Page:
In the context of the 52nd Session of the United Nations Human Rights Council (27 February–4 April), Caritas Internationalis (CI) together with the World Evangelical Alliance (WEA), World Council of Churches (WCC) and ACT Alliance launched their joint report ‘Assessing the Impact of Sanctions on Humanitarian Work’ in partnership with the Geneva Graduate Institute.
The complexity of sanction regimes often causes uncertainty and additional burden on humanitarian organisations and has far-reaching consequences on populations in need of aid.
“When responding to emergencies, it is crucial to detect and address all possible obstacles undermining timely life-saving assistance,” said Floriana Polito, Caritas Internationalis Advocacy Officer for Human Rights and Humanitarian Policy.
“We are not against sanctions but for human rights and humanitarian law. And what our constituency has been telling us is that sanctions, and bank over-compliance with sanctions, in relation to Syria and the broader Middle East have led to bank transfers blocked and bank accounts unjustly frozen,” said Wissam al-Saliby, Director of World Evangelical Alliance (WEA) Office in Geneva.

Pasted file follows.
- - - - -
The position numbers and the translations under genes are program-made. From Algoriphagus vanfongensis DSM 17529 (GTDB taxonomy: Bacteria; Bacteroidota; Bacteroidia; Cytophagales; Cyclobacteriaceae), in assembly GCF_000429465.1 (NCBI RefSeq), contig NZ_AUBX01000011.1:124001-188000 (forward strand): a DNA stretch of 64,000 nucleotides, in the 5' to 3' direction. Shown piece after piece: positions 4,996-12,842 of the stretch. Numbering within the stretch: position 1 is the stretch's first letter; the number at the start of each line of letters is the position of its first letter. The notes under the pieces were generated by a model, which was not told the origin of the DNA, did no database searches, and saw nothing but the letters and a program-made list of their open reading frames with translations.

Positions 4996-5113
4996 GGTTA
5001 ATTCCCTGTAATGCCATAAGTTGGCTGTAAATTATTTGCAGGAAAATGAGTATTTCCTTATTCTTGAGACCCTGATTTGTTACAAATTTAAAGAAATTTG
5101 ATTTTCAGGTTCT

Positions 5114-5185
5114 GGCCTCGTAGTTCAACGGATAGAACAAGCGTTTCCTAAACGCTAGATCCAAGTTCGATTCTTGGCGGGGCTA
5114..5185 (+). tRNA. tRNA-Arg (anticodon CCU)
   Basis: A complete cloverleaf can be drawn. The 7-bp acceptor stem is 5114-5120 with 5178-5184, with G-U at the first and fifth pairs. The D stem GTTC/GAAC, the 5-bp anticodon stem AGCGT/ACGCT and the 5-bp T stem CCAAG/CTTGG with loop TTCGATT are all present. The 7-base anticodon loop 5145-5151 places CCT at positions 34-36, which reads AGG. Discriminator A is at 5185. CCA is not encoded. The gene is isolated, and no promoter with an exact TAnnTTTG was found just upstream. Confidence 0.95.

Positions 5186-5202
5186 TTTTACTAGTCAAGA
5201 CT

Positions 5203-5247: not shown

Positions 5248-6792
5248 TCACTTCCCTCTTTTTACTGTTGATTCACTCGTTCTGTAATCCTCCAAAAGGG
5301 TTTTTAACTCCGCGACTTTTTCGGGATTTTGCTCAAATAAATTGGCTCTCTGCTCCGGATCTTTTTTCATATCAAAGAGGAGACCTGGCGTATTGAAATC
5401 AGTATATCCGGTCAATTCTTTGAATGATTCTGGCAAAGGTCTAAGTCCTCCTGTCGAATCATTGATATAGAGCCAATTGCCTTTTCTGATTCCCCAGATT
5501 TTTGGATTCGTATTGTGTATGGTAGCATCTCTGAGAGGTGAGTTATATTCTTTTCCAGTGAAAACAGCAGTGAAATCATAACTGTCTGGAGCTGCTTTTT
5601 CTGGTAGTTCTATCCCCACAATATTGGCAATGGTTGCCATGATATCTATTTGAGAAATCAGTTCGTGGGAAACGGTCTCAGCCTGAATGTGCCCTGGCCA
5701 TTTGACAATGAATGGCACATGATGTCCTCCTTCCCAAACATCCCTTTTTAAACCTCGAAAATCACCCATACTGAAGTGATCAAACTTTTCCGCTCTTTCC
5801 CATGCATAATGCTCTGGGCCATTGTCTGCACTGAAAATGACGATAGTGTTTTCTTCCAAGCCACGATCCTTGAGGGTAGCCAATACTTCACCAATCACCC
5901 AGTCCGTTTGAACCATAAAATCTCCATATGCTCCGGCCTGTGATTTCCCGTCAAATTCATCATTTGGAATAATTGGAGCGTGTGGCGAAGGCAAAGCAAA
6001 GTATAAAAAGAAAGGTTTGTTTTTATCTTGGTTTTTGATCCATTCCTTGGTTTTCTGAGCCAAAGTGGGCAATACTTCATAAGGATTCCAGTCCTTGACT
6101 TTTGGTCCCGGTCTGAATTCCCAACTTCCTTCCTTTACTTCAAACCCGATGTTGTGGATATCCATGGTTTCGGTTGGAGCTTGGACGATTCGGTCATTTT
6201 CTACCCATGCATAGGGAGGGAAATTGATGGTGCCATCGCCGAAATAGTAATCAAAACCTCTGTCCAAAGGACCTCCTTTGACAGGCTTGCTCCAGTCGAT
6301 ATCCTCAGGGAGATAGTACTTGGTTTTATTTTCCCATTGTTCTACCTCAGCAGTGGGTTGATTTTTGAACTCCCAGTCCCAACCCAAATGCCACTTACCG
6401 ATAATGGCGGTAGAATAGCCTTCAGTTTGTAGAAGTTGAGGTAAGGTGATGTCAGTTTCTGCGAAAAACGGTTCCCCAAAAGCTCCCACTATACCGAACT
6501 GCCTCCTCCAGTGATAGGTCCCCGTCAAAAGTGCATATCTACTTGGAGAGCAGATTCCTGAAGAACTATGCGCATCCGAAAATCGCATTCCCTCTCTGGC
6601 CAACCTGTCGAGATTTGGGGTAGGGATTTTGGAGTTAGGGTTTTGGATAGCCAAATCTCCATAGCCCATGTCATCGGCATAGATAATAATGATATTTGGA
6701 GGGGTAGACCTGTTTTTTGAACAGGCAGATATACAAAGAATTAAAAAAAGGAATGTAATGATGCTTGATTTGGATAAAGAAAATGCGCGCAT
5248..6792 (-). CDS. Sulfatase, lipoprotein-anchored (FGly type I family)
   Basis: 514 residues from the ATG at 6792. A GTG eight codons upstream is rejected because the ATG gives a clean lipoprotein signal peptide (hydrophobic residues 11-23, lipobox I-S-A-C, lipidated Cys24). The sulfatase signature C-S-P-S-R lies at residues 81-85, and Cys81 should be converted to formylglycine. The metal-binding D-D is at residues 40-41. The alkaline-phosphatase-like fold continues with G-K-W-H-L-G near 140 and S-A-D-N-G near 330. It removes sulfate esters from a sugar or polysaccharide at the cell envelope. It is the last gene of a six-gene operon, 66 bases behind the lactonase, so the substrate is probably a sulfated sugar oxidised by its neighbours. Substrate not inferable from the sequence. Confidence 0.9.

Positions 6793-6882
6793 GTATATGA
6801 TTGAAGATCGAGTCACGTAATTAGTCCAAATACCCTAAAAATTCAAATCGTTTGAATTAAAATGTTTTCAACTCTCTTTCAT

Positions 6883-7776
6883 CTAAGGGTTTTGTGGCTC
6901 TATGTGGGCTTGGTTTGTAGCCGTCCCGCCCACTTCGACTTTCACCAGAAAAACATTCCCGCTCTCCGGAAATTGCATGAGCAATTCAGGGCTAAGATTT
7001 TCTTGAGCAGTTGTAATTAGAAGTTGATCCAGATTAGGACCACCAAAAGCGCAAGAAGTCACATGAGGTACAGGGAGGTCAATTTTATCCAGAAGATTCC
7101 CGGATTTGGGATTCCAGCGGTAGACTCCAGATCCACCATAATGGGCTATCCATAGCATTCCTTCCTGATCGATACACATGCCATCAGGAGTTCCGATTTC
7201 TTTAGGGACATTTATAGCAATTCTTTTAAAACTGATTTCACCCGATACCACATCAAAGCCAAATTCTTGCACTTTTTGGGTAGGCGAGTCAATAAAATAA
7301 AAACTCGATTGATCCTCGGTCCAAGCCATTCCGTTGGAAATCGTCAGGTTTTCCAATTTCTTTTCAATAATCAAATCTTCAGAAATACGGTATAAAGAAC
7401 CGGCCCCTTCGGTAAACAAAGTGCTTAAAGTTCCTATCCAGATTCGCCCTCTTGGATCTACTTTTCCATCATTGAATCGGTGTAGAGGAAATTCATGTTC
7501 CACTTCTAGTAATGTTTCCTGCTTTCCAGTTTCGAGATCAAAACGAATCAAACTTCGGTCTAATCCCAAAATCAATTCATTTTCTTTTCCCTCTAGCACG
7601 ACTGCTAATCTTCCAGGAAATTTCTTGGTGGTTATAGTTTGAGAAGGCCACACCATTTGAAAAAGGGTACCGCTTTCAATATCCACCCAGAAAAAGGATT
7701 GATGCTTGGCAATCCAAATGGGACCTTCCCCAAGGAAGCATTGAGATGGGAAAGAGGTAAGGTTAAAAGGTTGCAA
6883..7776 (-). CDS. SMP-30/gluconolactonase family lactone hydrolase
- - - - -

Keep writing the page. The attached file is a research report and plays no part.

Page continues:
The report documents the impact of sanctions on the work of churches that seek to provide humanitarian aid at grassroots, identifying two broad groups of challenges – administrative and operational – faced by CI, WEA, and WCC in providing humanitarian aid to affected populations in sanctioned countries. These include issues such as understanding sanction requirements, legal repercussions, applying for licenses, as well as operational obstacles, including challenges in transferring funds or goods and travel restrictions. The report then goes on to make recommendations on how to navigate some of those, such as the use of informal value transfer systems or bulk cash movements. As well as to maintain financial flexibility through the use of emergency funds and several banking channels in order to prevent time delays, increase UN contracts which are exempt from sanctions.
The full report can be downloaded here.